In our increasingly connected world, one thing has become ever clearer to everyone who possesses a device that allows them to connect to the greatest communication network the world has ever seen: There are some people out there with some really stupid arguments. Whether you spend your Facebook time debating the government shutdown with a former middle school crush or in a virtual shouting match with your belligerent uncle about precisely whose fault the Giants' 0-4 start is, you've probably been witness to some fallacious logic in your time.
If you've been looking for a primer that illustrates exactly what's wrong with an argument that denies the existence of global warming because of the importance of the auto industry to the global economy, it now exists—with an emphasis on the illustrates part.
Ali Almossawi, a data visualizer and designer who divides his time between working with Mozilla and design firm Skyrill, wrote the book on bad arguments. Almossawi's An Illustrated Book of Bad Arguments features lovely, sepia-toned, woodcut-style illustrations by Alejandro Giraldo of cute animals who explain what straw man, false dilemma, and no true scotsman arguments—among many others—are, with a few brief paragraphs on opposite pages explaining in clear, concise language how those arguments work in greater detail.
"It's useful to be able to encapsulate a concept like a bad argument in a single illustration," Almossawi says when he explains why he took the approach he did with the book. "Partly because I'm a visual person, partly because it hadn't been done before, and partly because it's a hat tip to Lewis Carroll, whose The Hunting of the Snark is illustrated in a similar woodcut style."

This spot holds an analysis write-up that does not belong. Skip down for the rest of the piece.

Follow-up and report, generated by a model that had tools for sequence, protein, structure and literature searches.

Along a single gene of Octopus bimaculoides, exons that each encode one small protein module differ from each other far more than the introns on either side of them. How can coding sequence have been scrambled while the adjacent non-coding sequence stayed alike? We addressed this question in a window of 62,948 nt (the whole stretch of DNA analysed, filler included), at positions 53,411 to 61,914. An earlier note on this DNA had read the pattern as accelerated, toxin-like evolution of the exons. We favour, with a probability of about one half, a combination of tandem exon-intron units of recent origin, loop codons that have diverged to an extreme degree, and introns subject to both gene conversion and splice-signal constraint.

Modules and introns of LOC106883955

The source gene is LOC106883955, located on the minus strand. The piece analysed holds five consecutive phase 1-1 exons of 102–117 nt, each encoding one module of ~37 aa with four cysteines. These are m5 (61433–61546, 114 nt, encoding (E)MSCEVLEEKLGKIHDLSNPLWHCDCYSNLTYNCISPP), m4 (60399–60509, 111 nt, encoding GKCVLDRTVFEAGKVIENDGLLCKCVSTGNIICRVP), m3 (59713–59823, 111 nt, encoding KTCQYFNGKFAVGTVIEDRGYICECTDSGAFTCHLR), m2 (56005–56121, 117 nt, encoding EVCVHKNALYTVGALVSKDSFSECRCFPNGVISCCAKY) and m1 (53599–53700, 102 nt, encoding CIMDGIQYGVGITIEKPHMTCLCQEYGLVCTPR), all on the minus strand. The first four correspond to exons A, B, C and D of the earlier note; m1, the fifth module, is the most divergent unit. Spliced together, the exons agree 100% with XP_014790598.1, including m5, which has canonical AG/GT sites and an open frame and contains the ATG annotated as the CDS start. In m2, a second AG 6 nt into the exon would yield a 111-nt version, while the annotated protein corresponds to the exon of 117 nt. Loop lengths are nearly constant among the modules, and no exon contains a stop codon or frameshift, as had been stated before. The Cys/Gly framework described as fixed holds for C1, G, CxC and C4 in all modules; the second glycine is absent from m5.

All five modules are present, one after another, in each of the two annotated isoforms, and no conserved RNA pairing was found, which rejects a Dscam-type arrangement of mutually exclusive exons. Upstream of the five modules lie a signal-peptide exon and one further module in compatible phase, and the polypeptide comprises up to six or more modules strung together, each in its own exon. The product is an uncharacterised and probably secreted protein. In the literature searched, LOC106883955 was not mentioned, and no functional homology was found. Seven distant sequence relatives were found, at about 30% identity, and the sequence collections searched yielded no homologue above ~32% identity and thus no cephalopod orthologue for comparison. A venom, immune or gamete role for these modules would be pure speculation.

Bad Arguments, as it exists now, is strictly available as an eBook, readable via your web browser—readers flip the pages with the left and right arrow keys—which is an interesting experiment for something that clearly involved a lot of time and effort, and which seems tailor-made for the gift-book market. But the experiment panned out—Almossawi is publishing a hardcover version in November. "I'm happy with the results," he says. "Designers have written in commenting on its design; English majors have commented on grammar; and philosophy professors and students have commented on various aspects of the book. As a result, the work has benefited from going through an open process of scrutiny over the past two months, which means the hardback is now a better product thanks to those readers."
The response to the web-based version also informed Almossawi what sort of market exists for the print edition. And that print edition is something that should have utility for a very long time—after all, it's not like bad arguments ever really go out of style.
"It's a timeless topic," Almossawi says. "One would hope that a useful contribution in this field would be of value for a long time. It serves an educational and positive purpose—we see irrational thinking leading to a lot of tension in the world."
See some bad arguments in the slide show above.
Note: this post has been updated to include the illustrator's name.